Tuesday, September 8, 2009

Obama's speech to students: Much Ado about Nothing

Funny how quiet the comment sections on stories covering President Obama's speech to school children have been. That is, at least, in comparison to how they were late last week. Conservatives were in an uproar, suggesting the speech was going to be indoctrinating children into becoming hardcore socialist. Even L. Brooks Patterson suggested the speech would"brainwash these children at that early age to believe Obama is the messiah."

Well, now that it's over, it turns out it was all for nothing as the speech was not the propaganda film they claimed it would be. Surely all these people will step up and admit when they were wrong and making a big deal out of nothing. Right?


Of course there is one question asked by critics that still lingers... why not release the content of the speech until the day before? I can't say for sure, but I have some ideas:

a) He knew the speech was harmless and has better things to do

b) The President doesn't have to satisfy every critic's demand

c) With the outcry from critics over Obama's proposed health care reform giving him a PR headache, it couldn't hurt to show his critics getting melodramtic and worked up about something, only to have all their outlandish claims be proven wrong.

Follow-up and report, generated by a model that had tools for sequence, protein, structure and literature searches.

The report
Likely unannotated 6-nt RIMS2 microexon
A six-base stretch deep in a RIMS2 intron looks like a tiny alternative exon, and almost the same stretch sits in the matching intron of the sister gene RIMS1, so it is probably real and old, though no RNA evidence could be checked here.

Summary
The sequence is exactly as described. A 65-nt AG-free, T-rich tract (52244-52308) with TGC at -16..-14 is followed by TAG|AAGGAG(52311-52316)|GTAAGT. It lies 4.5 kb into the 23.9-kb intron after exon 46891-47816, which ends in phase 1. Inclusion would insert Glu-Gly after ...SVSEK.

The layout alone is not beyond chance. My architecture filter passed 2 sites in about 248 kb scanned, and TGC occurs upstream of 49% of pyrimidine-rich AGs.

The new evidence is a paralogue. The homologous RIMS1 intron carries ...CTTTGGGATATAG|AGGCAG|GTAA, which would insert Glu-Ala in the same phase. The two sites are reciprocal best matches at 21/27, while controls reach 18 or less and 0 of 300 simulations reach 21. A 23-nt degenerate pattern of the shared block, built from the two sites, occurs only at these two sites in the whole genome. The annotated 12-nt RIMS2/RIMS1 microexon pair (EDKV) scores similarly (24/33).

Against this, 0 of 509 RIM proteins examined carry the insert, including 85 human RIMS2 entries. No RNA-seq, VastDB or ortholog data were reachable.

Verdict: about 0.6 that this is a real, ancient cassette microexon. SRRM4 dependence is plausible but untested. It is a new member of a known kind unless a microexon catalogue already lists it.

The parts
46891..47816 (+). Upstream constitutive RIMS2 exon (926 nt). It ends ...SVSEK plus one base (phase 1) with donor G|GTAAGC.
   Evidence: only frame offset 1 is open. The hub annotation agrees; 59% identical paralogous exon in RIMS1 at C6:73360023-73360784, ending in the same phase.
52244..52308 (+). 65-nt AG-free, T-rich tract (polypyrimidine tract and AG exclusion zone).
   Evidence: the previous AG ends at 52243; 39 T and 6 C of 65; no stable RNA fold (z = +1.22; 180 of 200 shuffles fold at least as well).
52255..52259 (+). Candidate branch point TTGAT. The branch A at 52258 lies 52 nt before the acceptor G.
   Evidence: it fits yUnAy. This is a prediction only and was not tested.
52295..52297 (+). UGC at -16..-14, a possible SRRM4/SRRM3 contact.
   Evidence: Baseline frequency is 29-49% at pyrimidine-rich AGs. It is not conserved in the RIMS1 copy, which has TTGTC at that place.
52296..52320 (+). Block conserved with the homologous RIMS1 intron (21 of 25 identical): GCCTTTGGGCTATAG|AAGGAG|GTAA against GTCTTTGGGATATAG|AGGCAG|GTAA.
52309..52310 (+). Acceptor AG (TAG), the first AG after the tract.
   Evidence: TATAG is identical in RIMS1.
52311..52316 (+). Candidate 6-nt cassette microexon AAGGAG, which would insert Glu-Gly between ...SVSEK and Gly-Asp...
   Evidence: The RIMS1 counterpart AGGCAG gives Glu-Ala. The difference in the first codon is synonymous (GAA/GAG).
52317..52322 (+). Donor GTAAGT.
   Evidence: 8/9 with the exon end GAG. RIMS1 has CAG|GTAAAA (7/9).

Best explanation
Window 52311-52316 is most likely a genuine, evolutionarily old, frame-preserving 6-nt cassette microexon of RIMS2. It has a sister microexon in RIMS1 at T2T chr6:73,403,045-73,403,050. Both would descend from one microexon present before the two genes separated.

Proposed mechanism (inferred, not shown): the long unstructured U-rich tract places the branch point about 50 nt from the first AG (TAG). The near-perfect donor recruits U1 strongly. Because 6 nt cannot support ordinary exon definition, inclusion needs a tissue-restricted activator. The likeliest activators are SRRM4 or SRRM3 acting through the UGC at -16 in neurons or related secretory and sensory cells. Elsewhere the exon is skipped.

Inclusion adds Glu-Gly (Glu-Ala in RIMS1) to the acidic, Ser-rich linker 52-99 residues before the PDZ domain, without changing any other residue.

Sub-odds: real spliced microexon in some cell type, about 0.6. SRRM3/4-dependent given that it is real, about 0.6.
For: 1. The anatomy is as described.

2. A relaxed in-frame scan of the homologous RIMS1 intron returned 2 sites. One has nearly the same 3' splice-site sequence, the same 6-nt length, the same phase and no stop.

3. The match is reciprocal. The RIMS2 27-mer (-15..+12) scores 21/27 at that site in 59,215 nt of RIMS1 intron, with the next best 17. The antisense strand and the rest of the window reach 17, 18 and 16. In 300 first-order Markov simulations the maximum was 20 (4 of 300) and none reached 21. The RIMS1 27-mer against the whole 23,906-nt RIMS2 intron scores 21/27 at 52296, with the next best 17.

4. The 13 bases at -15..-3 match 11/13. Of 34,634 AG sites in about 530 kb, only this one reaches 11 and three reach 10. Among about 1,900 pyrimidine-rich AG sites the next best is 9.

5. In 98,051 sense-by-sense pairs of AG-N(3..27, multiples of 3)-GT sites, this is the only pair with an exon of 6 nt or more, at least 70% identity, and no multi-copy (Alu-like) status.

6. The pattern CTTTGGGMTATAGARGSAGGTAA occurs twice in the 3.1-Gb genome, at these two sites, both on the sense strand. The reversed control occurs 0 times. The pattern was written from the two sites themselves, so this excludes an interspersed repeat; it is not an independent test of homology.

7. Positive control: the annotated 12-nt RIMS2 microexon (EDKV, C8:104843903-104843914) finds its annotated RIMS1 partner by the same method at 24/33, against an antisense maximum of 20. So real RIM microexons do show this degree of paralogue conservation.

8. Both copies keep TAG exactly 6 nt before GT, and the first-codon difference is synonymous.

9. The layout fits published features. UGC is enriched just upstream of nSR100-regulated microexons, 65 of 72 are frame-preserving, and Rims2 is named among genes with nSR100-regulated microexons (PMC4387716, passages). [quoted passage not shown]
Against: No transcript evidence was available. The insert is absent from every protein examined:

I'm not saying any of these are the reason why, but c) would certainly hurt his critics' credibility in the world of political theatre at a time where he needs it.


Friday, September 4, 2009

Objections to Obama's school video are beyond absurd

Normally, I try to see both side of an issue even if I disagree with one side completely. This time however, there's nothing to be said for those pulling their kids out of school to prevent them from watching a 15-minute video from President Obama about the importance of staying in school.

The irony of it all is almost too much to handle.

Even L. Brooks Patterson said he thinks the purpose of the speech is to "brainwash these children at that early age to believe Obama is the messiah"

Please Patterson, spare us the melodramatic hyperbole and tell us specifically what is wrong with the leader of the country telling children it's important to stay in school?

What's next? If Obama makes a "don't do drugs" video are parents going to make their kids smoke pot in protest?

This is beyond absurd. Ronald Reagan and George H. W. Bush both made similar addresses during their tenures in office. Liberals went equally off the deep end back then about Bush's speech and made an absurd amount of noise about something that most people probably don't even remember. Heck, I was in grade school when it happened and I don't remember a word of what was said. The point is, it's stupid regardless of which side does it. Liberals were wrong then, and conservatives are wrong now.